If so, I want you to pay close attention to this exercise. This exercises is going to help establish the base of support for the neck. When we are stuck with poor posture, seated at a desk all day, the muscles of the neck tend to get tight, sore, and weak. This is why people say they store their stress in their "shoulders". When in fact that "stress" is just poor posture repeated over and over, leading to neck and upper back pain.

Wall extensions are designed to invite the upper back to reject the hunching that comes with forward head posture. This exercise will introduce more extension into the upper back and help you learn to stabilize your spine.

3 sets of 12 reps. 2x/day

T-Spine Extension


This exercise sounds more humorous than it is. If it is done correctly, you will start to feel the muscles working at the top of the neck. That is important, especially if you are someone who experiences headaches behind the eyes. Often these types of headaches are associated with weak and tight muscles at the base of the skull. These muscles tend to interfere with the nervous tissue that travels up behind the eye, increasing the intensity of the headache. By consistently performing this exercise, you will strengthen the muscles at the base of the skull, and over time the frequency and intensity of headaches will fade away.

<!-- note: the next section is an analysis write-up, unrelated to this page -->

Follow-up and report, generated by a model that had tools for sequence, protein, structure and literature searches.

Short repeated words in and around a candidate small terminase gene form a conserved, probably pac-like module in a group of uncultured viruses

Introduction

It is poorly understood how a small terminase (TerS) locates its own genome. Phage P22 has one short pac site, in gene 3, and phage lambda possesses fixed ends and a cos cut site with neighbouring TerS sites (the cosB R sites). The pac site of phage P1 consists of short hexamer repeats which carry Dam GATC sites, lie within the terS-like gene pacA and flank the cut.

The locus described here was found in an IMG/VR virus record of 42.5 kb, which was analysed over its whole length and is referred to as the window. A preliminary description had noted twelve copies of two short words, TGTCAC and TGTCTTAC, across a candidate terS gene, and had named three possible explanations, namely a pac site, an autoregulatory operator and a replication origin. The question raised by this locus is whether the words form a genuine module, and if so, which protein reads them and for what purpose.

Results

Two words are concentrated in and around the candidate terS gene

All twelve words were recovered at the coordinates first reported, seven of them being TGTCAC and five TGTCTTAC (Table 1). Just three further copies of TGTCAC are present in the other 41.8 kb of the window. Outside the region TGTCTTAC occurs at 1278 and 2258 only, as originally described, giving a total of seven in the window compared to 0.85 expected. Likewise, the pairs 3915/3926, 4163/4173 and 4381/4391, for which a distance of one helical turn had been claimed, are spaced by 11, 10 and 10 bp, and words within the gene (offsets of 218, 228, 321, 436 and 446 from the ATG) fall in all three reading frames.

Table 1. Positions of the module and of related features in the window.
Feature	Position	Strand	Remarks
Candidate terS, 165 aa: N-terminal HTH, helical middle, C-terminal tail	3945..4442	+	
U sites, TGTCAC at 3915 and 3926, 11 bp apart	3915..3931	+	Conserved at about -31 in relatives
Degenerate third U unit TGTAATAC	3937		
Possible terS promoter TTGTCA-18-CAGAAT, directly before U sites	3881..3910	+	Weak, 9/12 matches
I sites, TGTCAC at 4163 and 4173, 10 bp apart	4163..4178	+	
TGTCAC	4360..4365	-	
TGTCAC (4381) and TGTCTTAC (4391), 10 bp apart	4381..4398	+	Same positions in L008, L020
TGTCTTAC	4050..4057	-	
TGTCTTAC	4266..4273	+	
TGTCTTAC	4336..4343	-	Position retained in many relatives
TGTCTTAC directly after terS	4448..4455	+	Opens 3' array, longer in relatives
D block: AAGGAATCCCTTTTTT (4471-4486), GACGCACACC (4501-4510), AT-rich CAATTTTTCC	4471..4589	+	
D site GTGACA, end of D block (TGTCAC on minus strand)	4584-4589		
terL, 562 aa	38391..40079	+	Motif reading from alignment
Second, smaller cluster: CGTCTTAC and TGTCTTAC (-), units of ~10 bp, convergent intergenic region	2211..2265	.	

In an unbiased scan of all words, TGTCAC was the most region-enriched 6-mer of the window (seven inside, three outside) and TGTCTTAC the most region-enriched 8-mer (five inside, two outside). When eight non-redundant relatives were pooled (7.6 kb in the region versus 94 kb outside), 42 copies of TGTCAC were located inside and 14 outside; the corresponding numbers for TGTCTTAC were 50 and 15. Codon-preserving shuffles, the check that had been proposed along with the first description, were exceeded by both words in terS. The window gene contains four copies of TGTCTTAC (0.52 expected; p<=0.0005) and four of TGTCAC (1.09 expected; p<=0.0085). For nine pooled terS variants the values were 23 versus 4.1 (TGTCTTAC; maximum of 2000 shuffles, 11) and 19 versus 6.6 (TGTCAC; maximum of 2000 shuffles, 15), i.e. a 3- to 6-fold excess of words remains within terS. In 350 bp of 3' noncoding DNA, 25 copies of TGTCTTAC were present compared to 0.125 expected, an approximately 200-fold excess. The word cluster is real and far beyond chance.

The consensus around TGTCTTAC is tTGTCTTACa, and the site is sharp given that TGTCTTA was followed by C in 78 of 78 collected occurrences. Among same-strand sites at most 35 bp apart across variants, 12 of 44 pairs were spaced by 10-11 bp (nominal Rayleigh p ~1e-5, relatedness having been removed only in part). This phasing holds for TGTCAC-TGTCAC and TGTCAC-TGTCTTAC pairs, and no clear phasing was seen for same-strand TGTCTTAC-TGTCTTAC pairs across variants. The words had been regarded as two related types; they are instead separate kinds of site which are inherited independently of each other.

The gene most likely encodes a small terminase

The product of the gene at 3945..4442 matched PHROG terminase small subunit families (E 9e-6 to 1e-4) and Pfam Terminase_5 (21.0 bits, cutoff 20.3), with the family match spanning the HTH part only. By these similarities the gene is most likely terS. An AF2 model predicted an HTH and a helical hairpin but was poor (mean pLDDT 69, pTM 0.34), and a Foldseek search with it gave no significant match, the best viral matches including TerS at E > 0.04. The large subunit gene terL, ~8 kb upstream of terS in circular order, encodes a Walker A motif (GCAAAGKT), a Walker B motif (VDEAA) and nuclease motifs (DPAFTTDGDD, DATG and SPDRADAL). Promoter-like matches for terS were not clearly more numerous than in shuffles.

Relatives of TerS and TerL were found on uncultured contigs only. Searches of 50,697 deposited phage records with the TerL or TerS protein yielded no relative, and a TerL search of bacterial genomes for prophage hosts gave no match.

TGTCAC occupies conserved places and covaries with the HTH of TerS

10 steady reps facing away from the anchor, hold last rep 10 seconds, repeat 3x/day.

Resisted Turtles 1


Same as above, only you are facing towards the anchor.

10 steady reps facing towards the anchor, hold last rep 10 seconds, repeat 3x/day.

Resisted Turtles 2

Resisted Theraband Rotations

This exercise is almost the same as the Turtles however, you are perpendicular to the anchor and turn your neck (rotate) as far as you can. Make sure that you position the Theraband above the eyebrows and wear a headband underneath the resistance band to make it stay on your head more efficiently.

10 steady reps right, hold last rep 10 sec
10 steady reps Left, hold last rep 10 sec
repeat 3x/day

Resisted Neck Rotation


Prone chin tucks are a great way to put your proper deep neck flexion into action. This exercise will prime the muscles needed for postural awareness and oppose forward head posture. By being in a horizontal position, you will be working against gravity and stabilizing your shoulders and lower back.